The article How to Write Horror: 8 Crucial Components to Terrify and Delight appeared first on The Write Practice.
The horror genre might call to mind slasher films or other monster movies your teenage friends made you watch at night to scare you out of your wits. But horror is more than a shock fest. Scary stories have the ability to reveal the human condition in ways many other genres cannot. Today let’s look at how to write horror.
Types of stories
We’re continuing our series on how to write each of the ten types of stories, based on values. Values are defined by what a character wants or needs most in a story. Story types can defy genre boundaries which are often more about reader expectations and specific tropes, but the two often work together to create a satisfying reader experience.
Here are the six value scales with the plot types they tend to fall into:
- Survival from Nature > Life vs. Death
- Survival from Others > Life vs. Fate Worse than Death
- Love/Community > Love vs. Hate
- Esteem > Accomplishment vs. Failure
- Personal Growth > Maturity vs. Immaturity
- Transcendence > Right vs. Wrong
With that in mind, let’s delve into how to write a horror book or story.
What is horror?
Horror is a genre of literature or film that wants to evoke fear, shock, and suspense. Characters battle for their life versus a fate worse than death.
What does that mean? A fate worse than death can mean everything from experiencing embarrassment to paralyzing fear to pain to a loss of innocence.
There are many types of horror sub-genres, ranging from psychological horror to horror comedy to cosmic horror, to slashers and body horror. Horror stories often (but don’t have to) have supernatural horror elements, such as ghosts, monsters, vampires, and witches.
Common techniques used to create horror include jump scares, gore, unexpected twists, isolation, and eerie sound effects. Writing horror successfully requires an understanding of human psychology and the ability to create tension and suspense through careful pacing and narrative structure.
Horror isn’t just about gore or terror, however. Many horror stories include societal, environmental, or psychological themes.
To write effective horror stories, authors must be able to craft believable characters that audiences can sympathize with as well as build suspense through cleverly crafted plots.
An Example of Master Horror Fiction: Poe
Edgar Allan Poe’s story “The Tell Tale Heart” is a story most of us read in school. If you haven’t read it or you need a refresher, read it for free on Guttenberg.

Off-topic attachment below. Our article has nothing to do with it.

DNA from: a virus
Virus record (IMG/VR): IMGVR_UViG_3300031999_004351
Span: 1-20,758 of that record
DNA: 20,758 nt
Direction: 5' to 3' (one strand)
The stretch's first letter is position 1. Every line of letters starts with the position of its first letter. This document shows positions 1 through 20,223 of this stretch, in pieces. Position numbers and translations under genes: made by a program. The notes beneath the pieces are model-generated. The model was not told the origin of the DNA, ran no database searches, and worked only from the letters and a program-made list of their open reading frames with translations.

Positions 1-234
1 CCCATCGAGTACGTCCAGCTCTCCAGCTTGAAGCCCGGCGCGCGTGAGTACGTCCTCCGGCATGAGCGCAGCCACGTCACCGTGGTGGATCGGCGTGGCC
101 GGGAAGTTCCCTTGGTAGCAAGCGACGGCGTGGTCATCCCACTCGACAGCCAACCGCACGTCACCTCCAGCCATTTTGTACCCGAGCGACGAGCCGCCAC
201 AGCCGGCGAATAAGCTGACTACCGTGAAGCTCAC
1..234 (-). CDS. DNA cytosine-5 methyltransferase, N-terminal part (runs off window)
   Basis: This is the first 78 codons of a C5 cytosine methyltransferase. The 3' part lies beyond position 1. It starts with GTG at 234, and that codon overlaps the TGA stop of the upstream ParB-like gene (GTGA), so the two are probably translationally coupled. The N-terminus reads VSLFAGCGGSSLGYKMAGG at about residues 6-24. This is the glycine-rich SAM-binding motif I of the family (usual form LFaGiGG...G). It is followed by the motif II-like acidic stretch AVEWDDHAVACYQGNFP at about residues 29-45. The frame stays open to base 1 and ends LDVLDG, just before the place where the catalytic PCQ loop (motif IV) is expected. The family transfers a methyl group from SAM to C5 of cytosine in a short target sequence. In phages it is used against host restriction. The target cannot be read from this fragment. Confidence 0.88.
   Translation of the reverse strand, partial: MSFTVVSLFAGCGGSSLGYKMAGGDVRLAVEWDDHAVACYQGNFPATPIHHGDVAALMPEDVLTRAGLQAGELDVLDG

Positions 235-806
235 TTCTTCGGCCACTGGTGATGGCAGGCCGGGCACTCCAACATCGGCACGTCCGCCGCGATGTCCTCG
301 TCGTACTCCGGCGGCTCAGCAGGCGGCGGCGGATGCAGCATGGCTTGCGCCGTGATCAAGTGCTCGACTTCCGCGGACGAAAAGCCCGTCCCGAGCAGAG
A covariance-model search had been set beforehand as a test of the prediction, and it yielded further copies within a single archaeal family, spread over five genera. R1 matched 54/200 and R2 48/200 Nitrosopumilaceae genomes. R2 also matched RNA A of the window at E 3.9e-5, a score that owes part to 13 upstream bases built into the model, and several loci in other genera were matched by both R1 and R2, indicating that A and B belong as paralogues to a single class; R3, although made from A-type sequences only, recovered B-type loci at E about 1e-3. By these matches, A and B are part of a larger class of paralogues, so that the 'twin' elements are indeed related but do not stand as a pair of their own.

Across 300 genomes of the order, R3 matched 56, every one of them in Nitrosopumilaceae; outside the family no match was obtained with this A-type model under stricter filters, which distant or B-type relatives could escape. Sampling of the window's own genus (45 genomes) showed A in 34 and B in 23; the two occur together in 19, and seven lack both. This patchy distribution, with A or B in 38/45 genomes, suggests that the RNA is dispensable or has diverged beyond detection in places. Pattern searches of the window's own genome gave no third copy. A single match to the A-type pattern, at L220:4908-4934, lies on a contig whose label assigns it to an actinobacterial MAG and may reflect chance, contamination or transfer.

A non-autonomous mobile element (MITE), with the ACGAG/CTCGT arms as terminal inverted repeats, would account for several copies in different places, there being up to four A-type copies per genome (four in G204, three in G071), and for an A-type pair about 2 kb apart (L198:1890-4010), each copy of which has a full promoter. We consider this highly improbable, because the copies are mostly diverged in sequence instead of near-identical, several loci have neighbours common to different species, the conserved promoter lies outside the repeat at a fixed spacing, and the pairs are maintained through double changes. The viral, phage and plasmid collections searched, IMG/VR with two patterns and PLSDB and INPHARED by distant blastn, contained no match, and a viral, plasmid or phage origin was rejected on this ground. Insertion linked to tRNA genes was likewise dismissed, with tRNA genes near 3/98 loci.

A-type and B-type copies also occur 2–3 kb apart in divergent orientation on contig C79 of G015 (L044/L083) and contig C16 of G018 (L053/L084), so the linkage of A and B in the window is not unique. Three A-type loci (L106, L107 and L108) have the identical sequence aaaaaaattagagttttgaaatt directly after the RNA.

“The Tell Tale Heart” is narrated by an unreliable, unnamed narrator who is confessing to a murder, while simultaneously trying to prove he’s not insane. He’s killed an old man, whom he supposedly loved, because the man’s eye creeped him out. The police show up, and he’s calm and collected until he thinks he can hear the old man’s heart beating under the floor boards. The beating gets louder until the man confesses to the police, begging them to make the noise stop.
This story packs all the elements of horror into around 2,000 words. The unreliable narrator gives readers a sense of unease and ambiguity throughout the story. Is the man actually mad or is there something supernatural happening?
We have fear, both from the narrator (that creepy eye) and from the old man, who is blind and suspects someone is watching him. We have a murder with dismemberment. We have isolation, as the old man is alone, but the narrator also complains of being scared in the dark night by himself.
Most of all, though, we are on the life vs. fate worse than death scale. The narrator is scared of being seen as insane, which is worse than death for him and is the cause of his confession. He still ends up arrested for the murder, though, which is also a fate worse than death.
What Makes a Good Horror Story?
What makes a good horror story is the ability to tap into our deepest fears and deliver them in a captivating way. Even if you don’t consider yourself a horror writer, practicing a few short stories in this genre can help you understand human fear and the way it motivates action.
Setting and atmosphere
A good horror story should start off slow, introducing the characters and setting of the story before slowly building up tension as the horror begins to unfold. The setting of horror stories is often mundane and familiar initially—a summer camp, a basement, a house—but turns sinister as the story progresses.